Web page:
A SAS histogram helps you explore your data by displaying the distribution of a continuous variable against categories of the value. It can be created using the PROC UNIVARIATE, PROC CHART, or PROC GCHART.

### Syntax

The syntax to create a histogram in SAS is:

PROC UNIVARIATE DATA = DATASET; HISTOGRAM variables; RUN; |

Where “DATASET” is the name of the dataset used and “variables” are the values used to plot the histogram.

### Simple Histogram

A simple histogram can be created by specifying the name of the variable and the range to group the values. In this example, we will take the minimum and maximum values of the variable “horsepower” and a range of 50. The values will form a group in steps of 50.

proc univariate data = sashelp.cars; histogram horsepower / midpoints = 176 to 350 by 50; run; |

By executing the code above, you will get the following output:

### Histogram With Curve Fitting

We can also fit some distribution curves into the SAS histogram using some additional options. For example, let us fit a distribution curve with mean and standard deviation values mentioned as EST. This option uses an estimate of the parameters.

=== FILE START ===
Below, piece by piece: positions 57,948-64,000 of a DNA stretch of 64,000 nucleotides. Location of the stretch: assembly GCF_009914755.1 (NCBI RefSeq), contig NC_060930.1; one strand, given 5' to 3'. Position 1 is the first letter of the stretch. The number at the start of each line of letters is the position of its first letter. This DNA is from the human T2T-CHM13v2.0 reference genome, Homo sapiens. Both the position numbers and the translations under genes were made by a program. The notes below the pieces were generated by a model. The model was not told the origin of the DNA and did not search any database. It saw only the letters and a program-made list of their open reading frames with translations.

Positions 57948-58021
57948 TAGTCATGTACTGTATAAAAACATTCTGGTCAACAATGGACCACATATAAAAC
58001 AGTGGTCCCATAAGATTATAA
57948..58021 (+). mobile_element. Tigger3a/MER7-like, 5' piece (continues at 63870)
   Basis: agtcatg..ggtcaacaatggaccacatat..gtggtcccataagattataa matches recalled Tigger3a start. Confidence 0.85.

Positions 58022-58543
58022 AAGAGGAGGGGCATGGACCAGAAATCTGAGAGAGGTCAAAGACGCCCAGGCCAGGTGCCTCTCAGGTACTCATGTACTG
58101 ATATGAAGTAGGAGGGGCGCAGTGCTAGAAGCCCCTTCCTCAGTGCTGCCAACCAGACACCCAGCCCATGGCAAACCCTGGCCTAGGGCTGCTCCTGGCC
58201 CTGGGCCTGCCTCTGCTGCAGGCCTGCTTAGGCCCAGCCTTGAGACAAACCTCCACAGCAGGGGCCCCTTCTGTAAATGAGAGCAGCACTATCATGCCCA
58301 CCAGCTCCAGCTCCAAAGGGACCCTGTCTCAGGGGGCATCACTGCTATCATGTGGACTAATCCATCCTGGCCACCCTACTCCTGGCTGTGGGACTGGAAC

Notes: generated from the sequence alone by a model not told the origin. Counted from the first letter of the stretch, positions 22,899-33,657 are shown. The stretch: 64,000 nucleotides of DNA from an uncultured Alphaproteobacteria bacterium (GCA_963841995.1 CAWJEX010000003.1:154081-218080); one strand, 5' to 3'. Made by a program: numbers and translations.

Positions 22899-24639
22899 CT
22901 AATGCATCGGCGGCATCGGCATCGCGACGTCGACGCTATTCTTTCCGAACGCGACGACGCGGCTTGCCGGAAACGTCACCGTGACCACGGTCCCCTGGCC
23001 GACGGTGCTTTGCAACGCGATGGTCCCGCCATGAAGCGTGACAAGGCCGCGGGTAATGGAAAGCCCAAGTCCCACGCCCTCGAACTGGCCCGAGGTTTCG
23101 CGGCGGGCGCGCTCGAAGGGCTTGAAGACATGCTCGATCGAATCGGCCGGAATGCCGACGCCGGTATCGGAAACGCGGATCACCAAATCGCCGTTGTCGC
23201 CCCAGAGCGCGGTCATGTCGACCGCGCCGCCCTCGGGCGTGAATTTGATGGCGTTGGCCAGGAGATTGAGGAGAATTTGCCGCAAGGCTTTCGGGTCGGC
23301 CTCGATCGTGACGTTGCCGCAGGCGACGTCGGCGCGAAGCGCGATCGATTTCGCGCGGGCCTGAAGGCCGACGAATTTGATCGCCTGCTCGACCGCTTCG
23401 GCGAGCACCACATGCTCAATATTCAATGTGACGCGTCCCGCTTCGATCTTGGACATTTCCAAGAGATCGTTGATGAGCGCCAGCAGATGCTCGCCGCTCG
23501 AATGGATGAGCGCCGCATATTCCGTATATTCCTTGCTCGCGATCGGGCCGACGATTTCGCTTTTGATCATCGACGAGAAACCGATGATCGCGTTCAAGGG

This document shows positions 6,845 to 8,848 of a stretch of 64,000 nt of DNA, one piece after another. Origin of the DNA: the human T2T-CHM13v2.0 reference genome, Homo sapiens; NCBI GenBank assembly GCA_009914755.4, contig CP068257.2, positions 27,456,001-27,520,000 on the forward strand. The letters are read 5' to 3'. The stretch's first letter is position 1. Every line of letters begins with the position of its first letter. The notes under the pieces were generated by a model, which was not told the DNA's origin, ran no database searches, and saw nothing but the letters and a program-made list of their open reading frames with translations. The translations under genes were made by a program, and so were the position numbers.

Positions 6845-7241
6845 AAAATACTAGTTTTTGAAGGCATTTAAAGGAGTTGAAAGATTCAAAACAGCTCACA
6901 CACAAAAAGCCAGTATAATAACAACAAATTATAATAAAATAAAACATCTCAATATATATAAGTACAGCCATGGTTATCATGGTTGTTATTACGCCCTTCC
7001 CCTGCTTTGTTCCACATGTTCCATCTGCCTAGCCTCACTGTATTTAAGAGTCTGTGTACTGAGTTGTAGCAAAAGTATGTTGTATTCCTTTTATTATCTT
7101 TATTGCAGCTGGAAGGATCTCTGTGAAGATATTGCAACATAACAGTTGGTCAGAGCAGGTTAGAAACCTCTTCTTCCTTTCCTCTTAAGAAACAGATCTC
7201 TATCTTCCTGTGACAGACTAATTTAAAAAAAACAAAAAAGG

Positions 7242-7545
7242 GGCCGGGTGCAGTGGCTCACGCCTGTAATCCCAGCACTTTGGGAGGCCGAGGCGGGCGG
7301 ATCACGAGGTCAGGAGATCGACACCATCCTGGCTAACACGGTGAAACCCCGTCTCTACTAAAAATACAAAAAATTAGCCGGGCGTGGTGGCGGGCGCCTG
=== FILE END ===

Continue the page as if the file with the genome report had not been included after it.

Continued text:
proc univariate data = sashelp.cars noprint; histogram horsepower / normal ( mu = est sigma = est color = blue w = 2.5 ) barlabel = percent midpoints = 70 to 550 by 50; run; |

By executing the code above, you will get the following output:

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## Want to Learn More?

One of the most important skills required for anyone in the data science field is data visualization. In this article, we have discussed the most common types of data representations and two different ways to design a SAS histogram. In order to create better histograms, SAS has a repository of text styles, colors, and lots of other options that can be added to the histogram for better readability. If you want to dive deep into this subject, you can check out Simplilearn’s Data Scientist Master's Program designed in collaboration with IBM. It features exclusive IBM hackathons, masterclasses, Ask-me-anything sessions, live interaction with practitioners, practical labs, and projects. Get started with this course today and accelerate your career in data science.